Second, we demand power. “All this will be yours, if you worship me,” says the devil (Lk 4:7). Now, we would never be so crass as to demand that He worship us. At least not in so many words. But we do demand that He conform to our way of thinking and our way of living before we will let Him into our world. In other words, He must set aside His divine claims before we allow Him in. No, we do not close Him out entirely. We just require Him to take a lower, less divine place — right there alongside our other devotions, interests and hobbies. Instead of conforming ourselves to Him, we demand that He conform Himself to us.
Third, we demand “signs and wonders” in order to believe. The devil demanded a spectacle — that Jesus throw Himself from the temple parapet and let His angels save Him. That would get their attention. Likewise, we demand something stupendous and amazing (which Our Lord warned against specifically: cf. Mt 24:24; Mk13:22; Jn 4:48). We are not content to marvel and wonder at the “small” workings of God. We have grown bored with His “regular” works. We want something big!
Chesterton succinctly condemns this spiritual boredom: “There is only one sin: to call a green leaf grey.” Sin comes from boredom with the wonder of God’s creation, with His small voice, and with His smaller presence in Mary and in the Eucharist. The irony is, those who insist on miracles typically do not believe them when they come — exactly as Our Lord warned: “If they will not listen to Moses and the prophets, neither will they be persuaded if someone should rise from the dead” (Lk 16:31).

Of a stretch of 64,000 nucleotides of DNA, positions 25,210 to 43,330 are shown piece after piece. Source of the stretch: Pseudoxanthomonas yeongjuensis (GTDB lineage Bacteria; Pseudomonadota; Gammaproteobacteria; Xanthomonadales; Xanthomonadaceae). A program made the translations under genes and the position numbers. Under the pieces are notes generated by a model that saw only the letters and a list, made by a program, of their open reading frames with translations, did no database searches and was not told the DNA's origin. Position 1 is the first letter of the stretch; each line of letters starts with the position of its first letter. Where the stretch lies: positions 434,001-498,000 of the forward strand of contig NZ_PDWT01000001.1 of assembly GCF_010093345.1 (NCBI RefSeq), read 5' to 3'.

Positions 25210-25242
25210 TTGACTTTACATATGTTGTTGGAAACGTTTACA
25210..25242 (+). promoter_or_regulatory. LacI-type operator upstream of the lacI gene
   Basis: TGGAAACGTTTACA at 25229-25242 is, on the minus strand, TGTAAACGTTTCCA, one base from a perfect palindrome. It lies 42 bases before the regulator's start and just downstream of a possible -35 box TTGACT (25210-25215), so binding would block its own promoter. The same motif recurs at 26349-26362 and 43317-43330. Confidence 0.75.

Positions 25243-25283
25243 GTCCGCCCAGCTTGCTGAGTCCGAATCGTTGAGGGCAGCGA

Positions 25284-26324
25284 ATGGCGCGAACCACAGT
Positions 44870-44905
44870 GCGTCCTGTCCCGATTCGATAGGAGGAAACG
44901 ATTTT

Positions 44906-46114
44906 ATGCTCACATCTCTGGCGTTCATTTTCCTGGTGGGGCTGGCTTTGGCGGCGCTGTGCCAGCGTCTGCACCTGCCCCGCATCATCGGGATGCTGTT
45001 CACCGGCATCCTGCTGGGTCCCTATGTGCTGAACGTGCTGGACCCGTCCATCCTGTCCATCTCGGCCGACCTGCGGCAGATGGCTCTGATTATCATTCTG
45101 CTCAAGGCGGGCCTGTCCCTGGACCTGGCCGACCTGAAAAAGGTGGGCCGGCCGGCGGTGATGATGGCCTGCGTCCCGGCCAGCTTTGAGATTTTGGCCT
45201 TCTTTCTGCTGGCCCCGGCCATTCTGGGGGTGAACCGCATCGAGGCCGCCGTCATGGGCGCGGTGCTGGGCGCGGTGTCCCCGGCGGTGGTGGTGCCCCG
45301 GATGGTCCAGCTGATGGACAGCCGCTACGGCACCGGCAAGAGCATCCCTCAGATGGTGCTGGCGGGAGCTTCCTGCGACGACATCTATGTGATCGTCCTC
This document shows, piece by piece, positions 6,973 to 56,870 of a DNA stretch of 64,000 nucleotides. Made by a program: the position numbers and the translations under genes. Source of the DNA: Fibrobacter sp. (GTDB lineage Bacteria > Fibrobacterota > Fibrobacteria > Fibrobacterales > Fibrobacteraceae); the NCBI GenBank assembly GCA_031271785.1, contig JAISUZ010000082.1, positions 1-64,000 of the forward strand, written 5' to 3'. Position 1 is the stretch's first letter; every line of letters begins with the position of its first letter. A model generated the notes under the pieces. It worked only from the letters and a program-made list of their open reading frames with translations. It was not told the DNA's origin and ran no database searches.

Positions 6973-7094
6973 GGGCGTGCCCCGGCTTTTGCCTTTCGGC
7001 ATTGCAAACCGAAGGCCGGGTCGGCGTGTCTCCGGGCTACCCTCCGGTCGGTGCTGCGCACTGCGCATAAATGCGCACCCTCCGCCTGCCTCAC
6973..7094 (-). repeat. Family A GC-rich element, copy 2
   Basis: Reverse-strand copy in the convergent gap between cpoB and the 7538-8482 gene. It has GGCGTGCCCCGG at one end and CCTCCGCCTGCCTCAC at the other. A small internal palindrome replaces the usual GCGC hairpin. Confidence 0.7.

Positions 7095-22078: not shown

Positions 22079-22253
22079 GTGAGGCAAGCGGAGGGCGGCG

“Prove it” is not a good attitude toward God. We should instead say, “Help me to see!” Mother Church gives us Lent as a time to correct our mindset and cultivate the proper openness to and delight in God’s self-revelation — so that as Easter comes our response to Him will be one not of doubt but of devotion: “My Lord, and my God!”

19 comments:

Ms Bibi said...

OMG, how true is that. I can totally relate.I've been guilty of most of it one day or another.
Satan has lots of power and many faces.

Wonderful post.

Julie Schuler said...

Incredibly thought provoking... especially for one as spiritually amorphous as me.

MJ said...
This comment has been removed by the author.
MJ said...
This comment has been removed by the author.
MJ said...

3rd times the charm.

WOW I am speechless. I am trying to digest each and every morsel shared.

Do you mind if I repost?? I think that there are many people that would benifit from this!